Does that mean that science is getting lost in translation? Or does the problem lie on the proportion of science‐trained reporters in the news media?

Recall that study by  World Health Organisation  in 2015, which revealed that eating processed meats like bacon, ham, hot dogs and sausage puts you at risk of getting cancer? I will never forget the reactions i saw from meat devotees. Even for business owners, especially in the meat industry.  I’ll never forget the conversations i had with a local butchers, here in Konstanz, Germany.

“That report couldn’t be true. It’s less convincing,” some said

“And it’s bad for business.”

Even some were not ready to give up their portions of yummy saucy steaks, It’s  was obvious that the first reaction from a large number consumers concerned about their health, would have simply been to stay away from eating meat!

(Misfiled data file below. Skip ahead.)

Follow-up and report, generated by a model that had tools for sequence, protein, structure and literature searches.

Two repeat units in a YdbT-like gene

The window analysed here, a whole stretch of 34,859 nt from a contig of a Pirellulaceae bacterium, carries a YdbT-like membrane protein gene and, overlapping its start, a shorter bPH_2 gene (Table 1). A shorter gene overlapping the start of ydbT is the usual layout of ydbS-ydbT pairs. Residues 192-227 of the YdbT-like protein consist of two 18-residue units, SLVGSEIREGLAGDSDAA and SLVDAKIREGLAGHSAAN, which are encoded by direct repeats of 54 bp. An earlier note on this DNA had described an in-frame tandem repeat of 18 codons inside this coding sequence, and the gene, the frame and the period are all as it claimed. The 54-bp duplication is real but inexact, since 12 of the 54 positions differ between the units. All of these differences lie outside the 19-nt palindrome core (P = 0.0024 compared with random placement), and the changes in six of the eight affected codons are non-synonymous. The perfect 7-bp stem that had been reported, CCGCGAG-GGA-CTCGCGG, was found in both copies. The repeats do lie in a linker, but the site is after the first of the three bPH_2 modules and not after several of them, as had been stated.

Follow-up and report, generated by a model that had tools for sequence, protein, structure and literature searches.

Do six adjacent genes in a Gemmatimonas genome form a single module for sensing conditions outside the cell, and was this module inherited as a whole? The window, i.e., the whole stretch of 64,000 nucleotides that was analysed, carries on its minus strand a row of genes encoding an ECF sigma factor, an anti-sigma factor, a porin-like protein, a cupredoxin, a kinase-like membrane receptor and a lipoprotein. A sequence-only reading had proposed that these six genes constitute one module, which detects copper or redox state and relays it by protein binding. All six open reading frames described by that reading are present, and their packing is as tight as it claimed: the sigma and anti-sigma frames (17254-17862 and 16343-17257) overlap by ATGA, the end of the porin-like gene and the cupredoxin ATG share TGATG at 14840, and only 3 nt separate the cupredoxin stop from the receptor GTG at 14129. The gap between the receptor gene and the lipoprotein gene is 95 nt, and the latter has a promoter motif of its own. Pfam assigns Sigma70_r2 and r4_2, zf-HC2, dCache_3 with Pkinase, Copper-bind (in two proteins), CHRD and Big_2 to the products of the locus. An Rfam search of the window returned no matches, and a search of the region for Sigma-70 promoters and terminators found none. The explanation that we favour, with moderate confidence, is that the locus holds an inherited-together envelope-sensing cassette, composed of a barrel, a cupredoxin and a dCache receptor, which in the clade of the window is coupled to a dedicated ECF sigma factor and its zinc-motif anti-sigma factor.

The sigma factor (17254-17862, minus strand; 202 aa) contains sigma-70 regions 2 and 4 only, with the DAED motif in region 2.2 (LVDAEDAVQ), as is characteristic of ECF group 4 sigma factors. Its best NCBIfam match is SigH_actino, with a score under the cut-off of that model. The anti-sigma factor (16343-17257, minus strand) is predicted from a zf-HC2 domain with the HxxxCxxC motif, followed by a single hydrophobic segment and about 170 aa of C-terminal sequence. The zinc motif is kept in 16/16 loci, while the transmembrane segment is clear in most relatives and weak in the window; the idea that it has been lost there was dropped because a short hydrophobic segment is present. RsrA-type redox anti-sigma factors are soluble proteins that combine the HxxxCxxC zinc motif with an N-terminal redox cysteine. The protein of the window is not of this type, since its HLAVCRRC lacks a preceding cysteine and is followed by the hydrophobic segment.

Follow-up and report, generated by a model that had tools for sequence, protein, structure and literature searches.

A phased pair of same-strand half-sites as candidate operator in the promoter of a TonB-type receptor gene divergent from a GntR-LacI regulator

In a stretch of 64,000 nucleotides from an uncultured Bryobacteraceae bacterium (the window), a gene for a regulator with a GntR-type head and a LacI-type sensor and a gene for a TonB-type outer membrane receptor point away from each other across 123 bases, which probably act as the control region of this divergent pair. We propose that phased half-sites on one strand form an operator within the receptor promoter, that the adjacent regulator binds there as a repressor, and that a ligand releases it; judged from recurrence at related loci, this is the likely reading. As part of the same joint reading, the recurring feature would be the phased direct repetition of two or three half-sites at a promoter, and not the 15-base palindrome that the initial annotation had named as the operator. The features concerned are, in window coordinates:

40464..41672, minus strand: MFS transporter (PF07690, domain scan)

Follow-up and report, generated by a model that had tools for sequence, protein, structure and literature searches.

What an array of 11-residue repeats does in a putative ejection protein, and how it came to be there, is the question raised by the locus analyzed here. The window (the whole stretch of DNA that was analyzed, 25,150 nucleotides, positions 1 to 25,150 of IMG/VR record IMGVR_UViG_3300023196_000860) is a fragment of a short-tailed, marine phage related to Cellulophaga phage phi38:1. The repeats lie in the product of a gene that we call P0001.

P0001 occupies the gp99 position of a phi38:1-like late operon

I came across an article by John Wilkes, Founder of UCSC’s Science Communication Program, which discusses the importance of quality of science reporting. He notes

While the quality of science reporting has grown noticeably better, scientists note that there is still a lot of room for improvement

Absolutely! I agree with him.

When bad science makes headlines, who is to blame for misleading the public?

I am a huge fan of John Oliver’s satirical show, Last Week Tonight. And i like the way he dives into this topic. Critics may have a different opinion about his views on ‘science journalism’, but i like the way he looks at published scientific research and the way that information is communicated to the public.  Take a look. It’s worth your time.